"You have to work hard to offend Christians. By nature, Christians are the most forgiving, understanding, and thoughtful group of people I've ever dealt with. They never assume the worst. They appreciate the importance of having different perspectives. They're slow to anger, quick to forgive, and almost never make rash judgments or act in anything less than a spirit of total love . . . No, wait--I'm thinking of Labrador retrievers!" David Learn, 1998

Thursday, March 17, 2011

Thoughts in the night

5:20 AM
A toothache woke me some time ago. I lie awake thinking of those in Sendai, Tokyo, Fukushima, trying to get to sleep. Some have beds but are self-sealed in their houses to maintain some semblance of protection from radioactive contamination. Some no longer have beds and are exposed to whatever contamination, cold, discomfort there is outside. Lord, may every child in Japan tonight have someone safe to take them into shelter and care for them. 

 I remember reading Randy Alcorn's book Safely Home, about an entirely different group of people hungry, cold and alone--Chinese Christians imprisoned for their faith. I remember a pastor in his book saying, "Pray that our shreds of clothes will keep us warm. Pray that God will keep our empty stomachs content. God has done that for us many times before." Something like that. Lord, keep Sendai survivors warm, whatever the temperatures. For those who still await rice ball handouts, somehow keep them feeling full, with energy to do what they need to do.

I cannot let this fear in, this fear I grew up with. Seven years old, spending recesses sitting on the playground on the Army base near Hiroshima, picking dozens or 4-, 5-, and 6-leaf clovers and wondering if mutations from the bomb accounted for their abundance. Sailing with my family into the Bikini nuclear testing zone as a 14-year old, wondering whether we would be irradiated for our audacity and if we were, which of the five of us would wear the single gas mask we had brought with us. Sailing to Siberia in winter to protest Soviet nuclear testing, wondering whether the Russians would sink our yacht before we could get close enough to the site to be irradiated.
     If I let it, this fear would become all-consuming, immobilizing, as it did when I was a teenager. This insidious, unseen danger would take over my life, the terror of the unknown combined with the terror of having no place to hide. Lord,  protect the Japanese people from fear, from post-traumatic stress. May they look past their gods of wood and stone to a God who can use His power for good as well as evil. May they know, as my first husband Rick put it, that "ultimate reality is Personal" and may they--and we--give You their anxiety in exchange for Your peace. 

How sadly ironic that we Americans who dropped the bombs (although we did not know they would keep on killing for thousands of years, we were just doing what had to be done to stop the insanity of the Japanese military) may now be consumed by the same panic as the survivors of those bombs: is this headache, this vague nausea, this ache in my bones, this diarrhea--in myself, my child--the beginning of radiation sickness? Will it affect my unborn child? Will it get worse? Is it lethal? Lord, Your word says to "look not at the seen but at the unseen." But these dangers are also unseen. May we focus not on the unseen terrors but on Your unseen grace. May we not be so absorbed with ourselves that we cannot care for those close to us. May we 'switch to trust" as Rick had to keep telling himself as he was dying.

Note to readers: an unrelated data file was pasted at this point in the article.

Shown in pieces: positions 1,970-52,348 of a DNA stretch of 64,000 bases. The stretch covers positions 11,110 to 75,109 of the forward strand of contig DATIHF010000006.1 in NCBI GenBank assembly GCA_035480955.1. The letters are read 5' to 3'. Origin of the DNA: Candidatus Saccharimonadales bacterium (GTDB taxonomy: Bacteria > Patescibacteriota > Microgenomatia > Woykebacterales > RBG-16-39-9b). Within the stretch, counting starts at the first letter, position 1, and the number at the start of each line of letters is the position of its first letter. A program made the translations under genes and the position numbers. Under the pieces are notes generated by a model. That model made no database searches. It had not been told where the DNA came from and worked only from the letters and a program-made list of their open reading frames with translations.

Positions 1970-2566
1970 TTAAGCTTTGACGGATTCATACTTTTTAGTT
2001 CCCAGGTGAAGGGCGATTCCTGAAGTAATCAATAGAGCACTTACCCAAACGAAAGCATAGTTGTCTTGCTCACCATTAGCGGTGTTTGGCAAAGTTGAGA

Even as I sit here typing, it is hard not to think of this screen lighting up the darkness of our bedroom as a source of radiation. When I spend 12-14 hours in front of it as I have been doing since the 10th I come away with my face feeling sunburned, lips tingling, tongue sore but these sensations don't last long. Is the ache in my jaw which woke me up a sign of over-exposure? Microwaves, X-rays, mammograms, cat scans--I suspect them all and try to avoid them all, although the kinds of radiation and the half-lives differ and are mysteries to me. Radiation is cumulative and less is best.  
     Growing up I learned from my father's research on the children of Hiroshima that radiation is bad. Long-term effects cause cancers, specifically leukemia and thyroid cancer. They stunt growth. They compromise immune systems. We learned later that the effects even reach into future generations through mutations in our DNA. One of the three crewmen from Hiroshima who sailed around the world with us before our voyages became political later fathered three daughters, all deaf. Was that related to his exposure to radiation? Who can tell?
     If, as evolution claims, we "descended" from sea slugs to the pinnacle of humanity through mutations, how come mutations uniformly produce changes that are deleterious to the organism, rendering it less--if not non--functional? Lord, keep me from judgmentalism and sarcasm.

When I moved back to the States I was confused to find that here, radiation is good. Here radiation does not cause cancer, it cures it. Radiation kills, yes, but here we harness and direct it to kill only what we want it to kill. So when it comes in a cloud, poisoning our air, the ground our food grows in, the grass our cows eat,  the water we drink and the water our fish swim in, how can we harness and direct that radiation to kill only what we command it to? Lord, we are all in this together. Let there be no us and them. Let us as a human family look out for our common interests. We are all fragile, finite, and mortal. We have all fallen short of your glory. Let us give each other slack. 

Lord, as my brother Ted wrote in his poem (below) pass a wand over Sendai, Tokyo, and Fukushima tonight and give the works of Your hands there peaceful rest.

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